Why I Write, Vol. 3: Disabled People Don't Exist to Make Non-Disabled People Feel Better

In this series, "Why I Write," members of the Grub community share what compels them to put words onto paper day after day.


As a disabled woman of color scanning the media landscape, I typically find a scarcity of supply when searching for stories that mirror my experience. Often when a disability-related story makes the radar, it approaches the subject from one of two angles, pity or “pedestal,” both of which rely on objectifying the person with a disability rather than using a comprehensive lens. For instance, a recent story of a restaurant employee feeding a disabled patron that went viral frames the employee as “kind-hearted,” spotlighting his altruism. But we know nothing about the disabled person and whether they even consented to being taped. Now to be clear, the employee’s kindness is not the problem—the issue is the “pity” narrative of the disabled person that is often trafficked in. Needing or asking for help doesn’t negate one’s humanity, and disabled people don’t exist to make non-disabled people feel better about their lives.

The other end of the pendulum is exalting people with disabilities, painting us as “overcoming” obstacles, or dubbing us “superhuman.” There is no shortage of examples—Google “disabilities” and “overcoming,” and you’ll find a spate of stories filled with syrupy-sweet sentimentality, such as the following on athletes who overcame their disabilities, and this “promposal” story. This type of content is commonly referred to in the disability community as “inspiration porn, ” a term made famous by Australian disability rights activist Stella Young in her very popular TED Talk.

Since the disability community is not monolithic, multi-dimensional views of what it means to live with disabilities are sorely needed to normalize what disability “looks” like. What is not seen is generally assumed not to exist. The disability community numbers at 57 million in the U.S. per the 2010 US Census. That’s 20% of the population. This erasure of disabled voices negatively affects how disability is conceptualized, both on the individual and societal level. People with disabilities are rarely depicted as parents, sexual beings, heads of corporations; we’re seldom thought of as fashion-conscious, party-goers, or as fully actualized beings with dreams, goals, and plans. Absent are comprehensive portrayals of our lives, lives that might include being in need of care, caregiving, and community building, all at once. I know many in this continuum, especially women. Most often the focus is on lack and limitations. Now, imagine how these narrow depictions of people with disabilities might affect the budding self-awareness of young people, or those who are newly disabled, likely making it even harder to envision a new normalcy beyond this prism of limitations. This skewed understanding of disability and being disabled also contributes to harmful policy measures, where the messaging is “better dead than disabled.”

This is perhaps one of the main reasons many of us, especially women of color with disabilities, exercise creative control in telling our own stories and history. Many of us write blogs to chronicle our experience and amplify our access to media. Toni Morrison, social and literary icon and disabled woman of color, says this of why she began to write: “I read all the time, but I wasn't ever in any of those books.” We write because we must; I write because who else will tell my story with specificity and spark? Who else will spotlight me in my natural glow?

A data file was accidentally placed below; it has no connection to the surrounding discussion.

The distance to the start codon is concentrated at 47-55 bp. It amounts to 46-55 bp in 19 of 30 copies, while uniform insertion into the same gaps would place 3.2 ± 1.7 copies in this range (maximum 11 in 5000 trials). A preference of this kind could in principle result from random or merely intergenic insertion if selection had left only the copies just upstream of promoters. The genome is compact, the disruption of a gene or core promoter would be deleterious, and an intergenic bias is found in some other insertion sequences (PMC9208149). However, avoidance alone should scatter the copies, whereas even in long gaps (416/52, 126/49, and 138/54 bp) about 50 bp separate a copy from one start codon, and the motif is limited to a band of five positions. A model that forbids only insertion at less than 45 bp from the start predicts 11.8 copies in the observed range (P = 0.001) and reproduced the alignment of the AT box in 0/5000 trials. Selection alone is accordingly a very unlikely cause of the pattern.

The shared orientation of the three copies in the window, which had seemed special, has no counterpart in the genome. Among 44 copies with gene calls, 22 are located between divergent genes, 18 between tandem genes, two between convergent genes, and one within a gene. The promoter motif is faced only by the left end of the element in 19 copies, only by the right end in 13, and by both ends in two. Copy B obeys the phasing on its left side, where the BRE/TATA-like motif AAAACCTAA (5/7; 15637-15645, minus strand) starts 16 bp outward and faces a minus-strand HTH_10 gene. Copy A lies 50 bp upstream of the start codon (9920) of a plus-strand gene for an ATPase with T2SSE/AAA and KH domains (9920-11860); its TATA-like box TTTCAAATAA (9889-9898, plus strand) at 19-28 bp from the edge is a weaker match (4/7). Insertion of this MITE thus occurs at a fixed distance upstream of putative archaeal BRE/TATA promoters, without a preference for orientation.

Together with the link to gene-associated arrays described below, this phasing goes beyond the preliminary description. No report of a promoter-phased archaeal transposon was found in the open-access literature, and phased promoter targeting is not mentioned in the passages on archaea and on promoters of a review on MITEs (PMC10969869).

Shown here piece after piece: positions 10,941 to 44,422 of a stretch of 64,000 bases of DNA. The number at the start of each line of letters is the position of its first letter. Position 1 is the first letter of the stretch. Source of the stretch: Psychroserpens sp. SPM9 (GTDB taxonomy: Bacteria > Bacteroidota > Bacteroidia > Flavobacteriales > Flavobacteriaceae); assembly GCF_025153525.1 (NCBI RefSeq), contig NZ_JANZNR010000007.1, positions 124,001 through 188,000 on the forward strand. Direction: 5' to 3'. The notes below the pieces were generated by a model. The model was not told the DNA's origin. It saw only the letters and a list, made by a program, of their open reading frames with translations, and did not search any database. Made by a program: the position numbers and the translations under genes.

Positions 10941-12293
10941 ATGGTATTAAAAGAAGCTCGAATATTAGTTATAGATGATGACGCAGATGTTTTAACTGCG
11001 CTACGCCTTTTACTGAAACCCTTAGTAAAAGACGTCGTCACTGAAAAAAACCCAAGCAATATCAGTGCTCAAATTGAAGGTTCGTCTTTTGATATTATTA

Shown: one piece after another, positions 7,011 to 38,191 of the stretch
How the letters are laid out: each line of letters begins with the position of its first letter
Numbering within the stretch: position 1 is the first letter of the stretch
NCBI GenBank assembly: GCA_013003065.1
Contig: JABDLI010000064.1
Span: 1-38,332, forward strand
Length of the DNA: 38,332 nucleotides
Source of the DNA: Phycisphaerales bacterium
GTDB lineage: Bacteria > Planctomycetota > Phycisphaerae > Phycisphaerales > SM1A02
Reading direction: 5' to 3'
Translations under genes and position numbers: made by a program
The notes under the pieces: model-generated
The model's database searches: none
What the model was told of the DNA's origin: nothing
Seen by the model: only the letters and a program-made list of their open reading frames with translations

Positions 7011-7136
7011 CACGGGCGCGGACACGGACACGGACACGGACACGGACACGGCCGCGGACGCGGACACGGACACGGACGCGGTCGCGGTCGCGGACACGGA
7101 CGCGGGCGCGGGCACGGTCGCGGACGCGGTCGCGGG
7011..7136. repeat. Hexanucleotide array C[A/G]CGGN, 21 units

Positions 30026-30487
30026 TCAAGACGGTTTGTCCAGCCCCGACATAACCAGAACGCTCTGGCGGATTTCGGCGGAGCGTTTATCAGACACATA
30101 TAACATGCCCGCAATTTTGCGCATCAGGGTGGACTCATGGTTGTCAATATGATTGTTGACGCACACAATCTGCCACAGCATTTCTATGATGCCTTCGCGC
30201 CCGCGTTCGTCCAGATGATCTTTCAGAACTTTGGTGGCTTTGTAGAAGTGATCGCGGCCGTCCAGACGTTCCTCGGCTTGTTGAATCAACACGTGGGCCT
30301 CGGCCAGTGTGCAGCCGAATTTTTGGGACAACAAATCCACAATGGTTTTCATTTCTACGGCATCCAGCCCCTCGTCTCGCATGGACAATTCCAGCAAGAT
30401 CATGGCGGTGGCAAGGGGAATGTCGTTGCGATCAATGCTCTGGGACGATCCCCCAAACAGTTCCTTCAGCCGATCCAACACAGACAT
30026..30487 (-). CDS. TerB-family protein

Even in the blogosphere, depictions of disability are overwhelmingly white, and the same stories often seem to get heavy circulation. Friend and fellow advocate sis Vilissa Thompson’s viral sensation, #DisabilityTooWhite, which called attention to the whitewashing of disability, was prompted by seeing yet another beauty and disability feature that was blatantly sans women of color.

As a disability advocate, a facet of my advocacy is searching for disabled women of color to form greater community born of commonality. I also write as an extension of my advocacy work, often chronicling my experience to help raise awareness, ring alarm bells, and reveal latent aspects of myself. Have Cane, Will Strut: Black Disabled Woman and When Self-Identification Gets Corrected are two of my more popular posts providing examples of the aforementioned.

I channel creative energy, crafting works with a cadence that escapes me when ambulating; my gait is more of a staccato-strut. With my cane I maintain balance, and I benefit from sitting with like-minded brothers and sisters working for change. There is no shortage of work but it is so worthwhile, it fuels my life and it is why I write.


Heather Watkins is a Disability Advocate, author, blogger, mother, and graduate of Emerson College with a B.S. in Mass Communications. Born with Muscular Dystrophy, Heather is a cane-user, loves reading, daydreaming, chocolate, and serves on a handful of disability-related boards and a former Chair of Boston Disability Commission Advisory Board. She is Co-founder of “Divas with Disabilities Project,” a supportive sisterhood network representing women of color with disabilities. Her publishing experience includes articles in MDA’s Quest magazine, Mass Rehab Commission’s Consumer Voice newsletter and has blogged for,,, and Heather’s short story, “Thank God I have Muscular Dystrophy” published in 2013 as part of compilation in the Thank God I…Am an Empowered Woman ® book series. Her blog Slow Walkers See More includes reflections and insight from her life with disability.

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